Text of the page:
By Frederick ASIAMAH
The Ghana Extractive Industries Transparency Initiative (GHEITI) Secretariat and Multi-Stakeholder Group (MSG) are to commence discussions with the Ministry of Finance to relax its directives to Metropolitan, Municipal and District Assemblies to create single treasury accounts.
This should allow MMDAs, which host mining activities, to comply with the GHEITI aggregator’s recommendation for the creation of special accounts for holding mineral royalty funds transferred from the Mineral Development Fund (MDF)
In the GHEITI Report on the Mining Sector 2014, the aggregator observed, in relation to dedicated bank accounts for royalty disbursements, that “District Assemblies continue to receive mineral royalty disbursements into the main account (normally IGF Account) of the District. Where the districts have designated accounts for royalty receipts, other transactions are also carried through that same account.
“Again some of the district Assemblies transfer some amounts of royalty receipts back to the IGF account.”
Consequently, it was recommended that “The District Assemblies should have dedicated bank accounts for mineral royalty receipts. These accounts should be used exclusively for mineral development purposes.”
Mr. Kweku Boa-Amposem, head of consulting firm Boas and Associates – the GHEITI Aggregator – has insisted that having a dedicated account in place would make it easy to track the utilisation of mining funds at the sub-national level.
But there has been concerns raised about the recommendation at GHEITI’s latest two-day sub-national level dissemination workshop for district assembly officials, assembly members, traditional authorities and community representatives held at New Abirem, capital of the Birim North District, Eastern Region last Thursday and Friday.
The difficulty for district assemblies, as was raised by officials of the Birim North District Assemblies, is how to implement the recommendation in the wake of government’s directives relating to the implementation of the Ghana Integrated Financial Management Information System (GIFMIS).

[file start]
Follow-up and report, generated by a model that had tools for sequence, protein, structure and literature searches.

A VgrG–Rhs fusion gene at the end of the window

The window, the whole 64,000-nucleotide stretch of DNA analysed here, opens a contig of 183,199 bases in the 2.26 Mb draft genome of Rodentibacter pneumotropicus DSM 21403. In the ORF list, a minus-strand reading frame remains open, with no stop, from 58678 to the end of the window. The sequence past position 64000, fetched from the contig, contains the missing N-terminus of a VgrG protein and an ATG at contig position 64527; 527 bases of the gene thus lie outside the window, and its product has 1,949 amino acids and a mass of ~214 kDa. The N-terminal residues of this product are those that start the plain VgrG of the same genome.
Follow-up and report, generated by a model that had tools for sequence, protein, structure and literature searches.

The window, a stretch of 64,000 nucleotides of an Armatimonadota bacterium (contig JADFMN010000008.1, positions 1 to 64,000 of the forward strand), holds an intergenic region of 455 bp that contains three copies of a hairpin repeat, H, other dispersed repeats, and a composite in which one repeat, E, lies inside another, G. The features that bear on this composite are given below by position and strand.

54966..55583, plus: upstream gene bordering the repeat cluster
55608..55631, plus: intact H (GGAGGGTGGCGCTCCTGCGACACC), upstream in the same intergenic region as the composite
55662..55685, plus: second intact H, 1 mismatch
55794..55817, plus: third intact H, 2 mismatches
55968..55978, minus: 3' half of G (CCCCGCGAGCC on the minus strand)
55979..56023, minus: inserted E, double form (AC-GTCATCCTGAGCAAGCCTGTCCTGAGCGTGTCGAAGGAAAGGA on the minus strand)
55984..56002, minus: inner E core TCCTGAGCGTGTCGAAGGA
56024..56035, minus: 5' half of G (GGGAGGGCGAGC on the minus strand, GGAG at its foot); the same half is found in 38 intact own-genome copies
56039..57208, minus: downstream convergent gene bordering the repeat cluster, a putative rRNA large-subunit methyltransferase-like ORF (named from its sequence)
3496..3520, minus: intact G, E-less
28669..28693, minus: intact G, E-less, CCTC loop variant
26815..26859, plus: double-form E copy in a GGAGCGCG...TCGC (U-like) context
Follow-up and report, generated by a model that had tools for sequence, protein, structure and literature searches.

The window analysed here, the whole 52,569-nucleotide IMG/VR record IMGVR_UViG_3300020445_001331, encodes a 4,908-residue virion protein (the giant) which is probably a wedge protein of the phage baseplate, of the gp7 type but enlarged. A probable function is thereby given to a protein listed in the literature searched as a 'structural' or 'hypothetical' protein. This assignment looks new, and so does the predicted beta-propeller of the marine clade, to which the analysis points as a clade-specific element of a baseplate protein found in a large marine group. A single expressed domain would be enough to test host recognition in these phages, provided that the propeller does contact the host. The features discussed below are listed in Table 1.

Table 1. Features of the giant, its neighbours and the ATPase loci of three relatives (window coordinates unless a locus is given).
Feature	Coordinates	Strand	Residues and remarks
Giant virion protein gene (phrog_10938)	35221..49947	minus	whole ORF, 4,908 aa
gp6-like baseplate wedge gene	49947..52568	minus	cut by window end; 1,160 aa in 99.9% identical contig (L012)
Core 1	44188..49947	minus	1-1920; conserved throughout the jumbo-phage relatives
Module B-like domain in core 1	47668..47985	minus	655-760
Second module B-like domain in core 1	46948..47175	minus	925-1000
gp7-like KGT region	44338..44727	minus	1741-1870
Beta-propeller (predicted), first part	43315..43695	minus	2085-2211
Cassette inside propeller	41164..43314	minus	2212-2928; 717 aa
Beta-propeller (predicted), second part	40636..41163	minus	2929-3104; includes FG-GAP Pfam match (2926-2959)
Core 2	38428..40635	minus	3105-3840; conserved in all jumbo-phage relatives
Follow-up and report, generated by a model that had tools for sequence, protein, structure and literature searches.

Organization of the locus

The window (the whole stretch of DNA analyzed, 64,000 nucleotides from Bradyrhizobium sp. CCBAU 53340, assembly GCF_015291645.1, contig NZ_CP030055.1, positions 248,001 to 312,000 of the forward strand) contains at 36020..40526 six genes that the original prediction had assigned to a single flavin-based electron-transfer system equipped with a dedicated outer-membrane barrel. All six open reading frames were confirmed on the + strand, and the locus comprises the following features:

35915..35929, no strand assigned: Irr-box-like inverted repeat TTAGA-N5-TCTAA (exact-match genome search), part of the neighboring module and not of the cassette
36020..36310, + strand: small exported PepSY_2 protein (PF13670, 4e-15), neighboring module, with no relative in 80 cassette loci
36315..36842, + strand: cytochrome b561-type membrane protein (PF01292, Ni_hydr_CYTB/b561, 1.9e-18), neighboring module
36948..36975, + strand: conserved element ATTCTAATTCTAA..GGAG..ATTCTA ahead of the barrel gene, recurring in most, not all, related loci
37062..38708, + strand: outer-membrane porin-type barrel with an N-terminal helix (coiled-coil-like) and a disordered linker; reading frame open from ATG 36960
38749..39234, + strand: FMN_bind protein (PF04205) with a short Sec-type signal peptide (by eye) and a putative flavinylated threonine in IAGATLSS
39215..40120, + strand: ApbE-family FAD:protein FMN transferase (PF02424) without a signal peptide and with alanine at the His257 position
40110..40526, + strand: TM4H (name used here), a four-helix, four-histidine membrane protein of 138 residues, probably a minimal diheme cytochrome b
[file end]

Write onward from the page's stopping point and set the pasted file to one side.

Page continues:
The GIFMIS was launched in September 2009, as part of the Public Financial Management (PFM) Reforms in Ghana. The Controller and Accountant General’s Department (CAGD) under the auspices of the Ministry of Finance is responsible for the reforms.
It is emerging that the central government, through the Ministry of Finance, is instructing assemblies to have one account under the GIFMIS.
Bashiru Abdul-Razak of the GHEITI Secretariat, which sits at the Ministry of Finance, gives assurance that this is something that “we from the Ministry of Finance will pick up and see whether sometimes we can give exemptions in some of these cases.”
Business Day Ghana understands that the running of multiple accounts by assemblies brings about excess cost in terms of interest payments on such accounts. Thus, from the view point of government, it makes economic sense for assemblies to run a single treasury account.
That notwithstanding, Dr Steve Manteaw, Co-chair of the Multi-Stakeholder Group (MSG) under the GHEITI, believes it will be in order to create a special dispensation for mining funds. “We have done beautiful things in the petroleum sector. So, all the petroleum revenues go into a dedicated account at the Bank of Ghana called the Petroleum Holding Fund. From there they are disbursed; 70 per cent to the budget, 30 per cent to the Petroleum Funds – the Stabilisation and Heritage Funds.
“This is informed by EITI, really. Unfortunately, we have not gone back to correct the defects in the mining sector. This is something that I think the EITI MSG should pick up to ensure that, at least, we do for mining, what we have done for oil, which has earned them so much praise internationally.”